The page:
Canada’s Ivanie Blondin and Isabelle Weidemann came fifth and sixth after an impressive competition in the women’s 5,000-metre speed skating event at the Pyeongchang Olympics.
Dutch skater Annouk van der Weijden set the pace right from the beginning. She was in the first pair of skaters to hit the ice. Her time of 6:54.17 stood until the fourth pair of skaters when her teammate Esmee Visser beat it with a blazing fast 6:50.23, which would earn her the gold.
Blondin started quickly, perhaps to meet Visser’s pace, but was unable to maintain it throughout the race. She slowed a lot in the last lap, even stumbling slightly as she came to the finish line. She finished in 6:59.38. Weidemann, also an Ottawa native, finished sixth with a time of 6:59.88.
Czech skater Martina Sablikova and Natalia Voronina, competing as an Olympic athlete from Russia, were the final pair. Sablikova took home the silver and Voronina the bronze, knocking Blondin out of medal contention.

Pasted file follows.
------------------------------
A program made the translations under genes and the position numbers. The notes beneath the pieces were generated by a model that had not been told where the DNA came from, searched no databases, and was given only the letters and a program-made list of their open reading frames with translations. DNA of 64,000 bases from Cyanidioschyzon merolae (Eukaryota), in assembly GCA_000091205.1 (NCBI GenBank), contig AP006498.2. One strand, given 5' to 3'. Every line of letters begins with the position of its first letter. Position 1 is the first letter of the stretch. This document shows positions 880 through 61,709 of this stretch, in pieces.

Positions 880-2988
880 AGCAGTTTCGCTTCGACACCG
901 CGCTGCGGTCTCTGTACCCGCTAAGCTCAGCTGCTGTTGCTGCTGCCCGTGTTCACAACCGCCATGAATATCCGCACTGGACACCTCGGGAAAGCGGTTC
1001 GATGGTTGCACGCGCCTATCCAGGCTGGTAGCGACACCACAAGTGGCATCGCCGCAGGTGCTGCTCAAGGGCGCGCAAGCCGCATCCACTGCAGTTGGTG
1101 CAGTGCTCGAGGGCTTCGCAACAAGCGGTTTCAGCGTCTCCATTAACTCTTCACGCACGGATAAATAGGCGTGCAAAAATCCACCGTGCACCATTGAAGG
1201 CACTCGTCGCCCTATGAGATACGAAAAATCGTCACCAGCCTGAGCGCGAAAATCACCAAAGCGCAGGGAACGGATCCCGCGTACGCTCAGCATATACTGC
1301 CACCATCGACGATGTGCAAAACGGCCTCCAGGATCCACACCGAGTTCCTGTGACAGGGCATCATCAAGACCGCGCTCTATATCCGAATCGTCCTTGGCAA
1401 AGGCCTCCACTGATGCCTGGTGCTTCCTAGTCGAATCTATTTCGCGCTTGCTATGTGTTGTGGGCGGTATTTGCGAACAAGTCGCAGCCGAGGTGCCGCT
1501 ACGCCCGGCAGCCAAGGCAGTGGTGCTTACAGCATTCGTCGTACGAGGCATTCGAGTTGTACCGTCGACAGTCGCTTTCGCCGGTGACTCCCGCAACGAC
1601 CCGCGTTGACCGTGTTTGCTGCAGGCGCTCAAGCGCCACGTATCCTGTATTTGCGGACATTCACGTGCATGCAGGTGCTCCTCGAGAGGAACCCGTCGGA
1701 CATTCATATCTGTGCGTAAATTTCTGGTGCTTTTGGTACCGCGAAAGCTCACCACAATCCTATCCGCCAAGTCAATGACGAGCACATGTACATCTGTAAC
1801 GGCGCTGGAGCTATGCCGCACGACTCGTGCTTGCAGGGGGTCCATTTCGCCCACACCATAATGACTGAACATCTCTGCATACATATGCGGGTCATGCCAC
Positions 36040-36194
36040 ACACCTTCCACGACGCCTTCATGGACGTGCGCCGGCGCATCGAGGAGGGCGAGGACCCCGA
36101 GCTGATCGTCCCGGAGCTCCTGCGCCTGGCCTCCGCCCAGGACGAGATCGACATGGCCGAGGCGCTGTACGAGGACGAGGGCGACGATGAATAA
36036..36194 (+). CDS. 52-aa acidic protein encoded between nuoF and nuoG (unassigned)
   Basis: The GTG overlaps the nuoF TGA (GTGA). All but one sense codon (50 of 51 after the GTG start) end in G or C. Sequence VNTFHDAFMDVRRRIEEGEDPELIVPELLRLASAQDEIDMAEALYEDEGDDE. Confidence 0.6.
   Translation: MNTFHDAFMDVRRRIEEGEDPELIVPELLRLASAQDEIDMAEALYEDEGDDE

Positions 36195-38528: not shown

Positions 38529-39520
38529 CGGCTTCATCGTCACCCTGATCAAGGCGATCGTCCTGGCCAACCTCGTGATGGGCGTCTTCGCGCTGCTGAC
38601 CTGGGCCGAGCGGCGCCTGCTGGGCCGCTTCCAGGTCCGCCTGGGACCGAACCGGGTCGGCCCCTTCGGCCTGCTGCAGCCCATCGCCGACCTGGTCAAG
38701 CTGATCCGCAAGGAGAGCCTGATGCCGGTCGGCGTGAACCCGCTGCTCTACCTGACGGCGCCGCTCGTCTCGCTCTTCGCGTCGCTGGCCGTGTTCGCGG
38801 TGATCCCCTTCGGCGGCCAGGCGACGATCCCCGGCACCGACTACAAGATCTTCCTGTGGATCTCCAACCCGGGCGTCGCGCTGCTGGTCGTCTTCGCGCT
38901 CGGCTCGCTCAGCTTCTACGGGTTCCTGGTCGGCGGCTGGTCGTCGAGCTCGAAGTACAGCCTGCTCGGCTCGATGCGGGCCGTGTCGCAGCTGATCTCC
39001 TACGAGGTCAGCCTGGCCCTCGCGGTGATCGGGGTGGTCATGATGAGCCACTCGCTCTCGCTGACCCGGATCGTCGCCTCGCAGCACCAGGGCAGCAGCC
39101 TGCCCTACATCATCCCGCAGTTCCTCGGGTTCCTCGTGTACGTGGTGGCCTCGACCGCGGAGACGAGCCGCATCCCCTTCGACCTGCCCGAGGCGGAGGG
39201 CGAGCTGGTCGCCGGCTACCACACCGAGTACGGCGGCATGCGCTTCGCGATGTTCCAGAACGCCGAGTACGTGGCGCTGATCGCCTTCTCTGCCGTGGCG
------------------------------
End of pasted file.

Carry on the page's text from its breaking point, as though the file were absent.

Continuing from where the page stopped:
Veteran German skater Claudia Pechstein, 45, came in eighth place out of twelve skaters. Pechstein went to her first Olympics in 1992, and won the bronze in this event, nearly four years before the current gold medal winner Visser was even born.
Third at last year’s world single distance championships in the 5,000 at the Gangneung Oval, the 27-year-old Blondin also took second at a World Cup earlier this season.
She was 14th in the 5,000 at her first Olympics four years ago in Sochi, Russia.
Expected to win a medal in last Saturday’s 3,000 after grabbing gold at a World Cup just before these Games, Blondin was left bewildered when she wound up a disappointing sixth in a race that saw the Netherlands sweep the podium, seemingly out of nowhere.
Blondin will now turn her focus to Wednesday’s team pursuit before concluding her program in South Korea with her favourite race, the mass start, on Feb. 24.
Blondin’s other two world single distance championships medals – including gold in 2016 – have come in the mass start, which will be making its Olympic debut in Pyeongchang.
The 22-year-old Weidemann, who’s competing at her first Olympics, will close out her Games in the team pursuit.
–With files from the Canadian Press